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Published: September 10th 2016
UluruTuesday 23rd August 2016
Just as well we did leave Curtin Springs early, as there was a queue of vans in front of us at the entrance to the camping area at Ayers Rock Resort and more coming.
Because all there large van sites were already occupied, they had to put us in the campervan area, which suited us as we were placed right at the rear with the bush behind us. We will be here for 4 nights as they had a special where we only pay for 3. This will give us plenty of time to explore and give us a rest from travel.
Ayers Rock Resort is like an oasis in the desert with various accommodations to suit every taste and budget. It tries to fit with the environment and is hard to see on approach as it is hidden behind a sand dune. Luckily, scientific know-how enables the resort to produce all the water it needs from the huge artesian basin underground. But most other supplies need to be transported from Adelaide, 1663 kilomteres away. Fully loaded road trains, and these are huge, arrive twice a week to supply the food
The group at sunset on the first day
and materials needed to run this outback resort. These road trains are 55metres long and carry 66 pallets of goods each trip!
After setting up we went for a drive around the resort, getting our bearings and testing our memories from our previous visit 10 years ago. After lunch we walked into the resort town square where there are several tourist shops, a bank, supermarket and some cafes. The ladies did a little shopping and the guys went to a talk by a visiting doctor of astronomy on galaxies etc.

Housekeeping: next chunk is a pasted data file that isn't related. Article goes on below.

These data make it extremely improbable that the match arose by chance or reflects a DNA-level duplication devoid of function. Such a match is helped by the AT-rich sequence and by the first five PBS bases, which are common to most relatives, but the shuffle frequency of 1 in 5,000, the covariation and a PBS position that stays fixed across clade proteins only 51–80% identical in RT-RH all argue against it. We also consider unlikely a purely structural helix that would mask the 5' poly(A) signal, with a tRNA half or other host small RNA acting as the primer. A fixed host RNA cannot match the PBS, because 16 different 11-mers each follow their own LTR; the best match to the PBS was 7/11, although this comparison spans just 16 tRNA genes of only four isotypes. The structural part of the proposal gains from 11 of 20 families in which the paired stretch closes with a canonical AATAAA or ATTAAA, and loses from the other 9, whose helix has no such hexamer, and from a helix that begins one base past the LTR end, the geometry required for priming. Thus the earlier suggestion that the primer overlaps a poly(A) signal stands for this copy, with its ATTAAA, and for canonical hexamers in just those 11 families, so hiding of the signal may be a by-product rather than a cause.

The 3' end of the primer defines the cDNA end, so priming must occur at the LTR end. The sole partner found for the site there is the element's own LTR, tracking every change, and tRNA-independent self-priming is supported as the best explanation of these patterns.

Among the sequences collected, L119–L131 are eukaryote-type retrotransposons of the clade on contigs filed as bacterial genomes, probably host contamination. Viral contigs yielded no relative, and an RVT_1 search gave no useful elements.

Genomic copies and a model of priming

The weather had changed completely by 1600 hrs, from being a sunny, still day, to one with cold wind and light rain. Very unseasonable according to the locals but it seemed to clear quite quickly.
We did however, go up to the nearby lookout and view the Rock just before sunset. It was bitterly cold, but we did get some good photos. From here we retired to Mark & Helena’s annexe, which they had put up for the first time, as it was the easiest area to heat. Dinner was had here before we returned to our own van.
Uluru Wednesday 24th August 2016
Walking around the base
Today we activated our 3 day pass into the Uluru-Kata Tjuta National Park and decided it was a good day to walk around the rock itself. So we were up and away early, getting to the park just after 8.30am. The rock is immense and it's hard to imagine that it could possibly continue underground for 5 to 6 kilometers as the geologists guess. We first had a brief visit to the Visitors Centre where there was a display giving a background to the Rock and about the local indigenous people.
The walk itself is well marked and now further from the edge than we remember from our last visit It was quite interesting to see Ayers Rock from different angles and sides, the immensity of it hitting home after walking for about 4 hours or so, including a lunch stop and a few detours.
The afternoon was a very quiet time with people resting or nursing their out of practice muscles. Just before sunset we drove out to the parking area from which the best views of the Rock can be had as the
sun sets. Every few minutes the Rock seems to change colour until it becomes almost colourless when the light has faded completely. These moments are probably the most photographed event here, rightly so, hundreds of people lining the park to take the photos. Thursday 25th August 2916
Both groups went in different directions today, Mark & Helena up early to see the sun rise on Uluru and then on to the Cultural Centre, we packed a lunch and drove to Kata Tjuta (Olgas).
First stop for us was at the Dune Viewing area about 15kms before Kata Tjuta and a good view was had of both it and Uluru in the far distance. Kata Tjuta means ‘many heads’ in the local language and this is very apt with the multiple domes of stone rising out of the desert.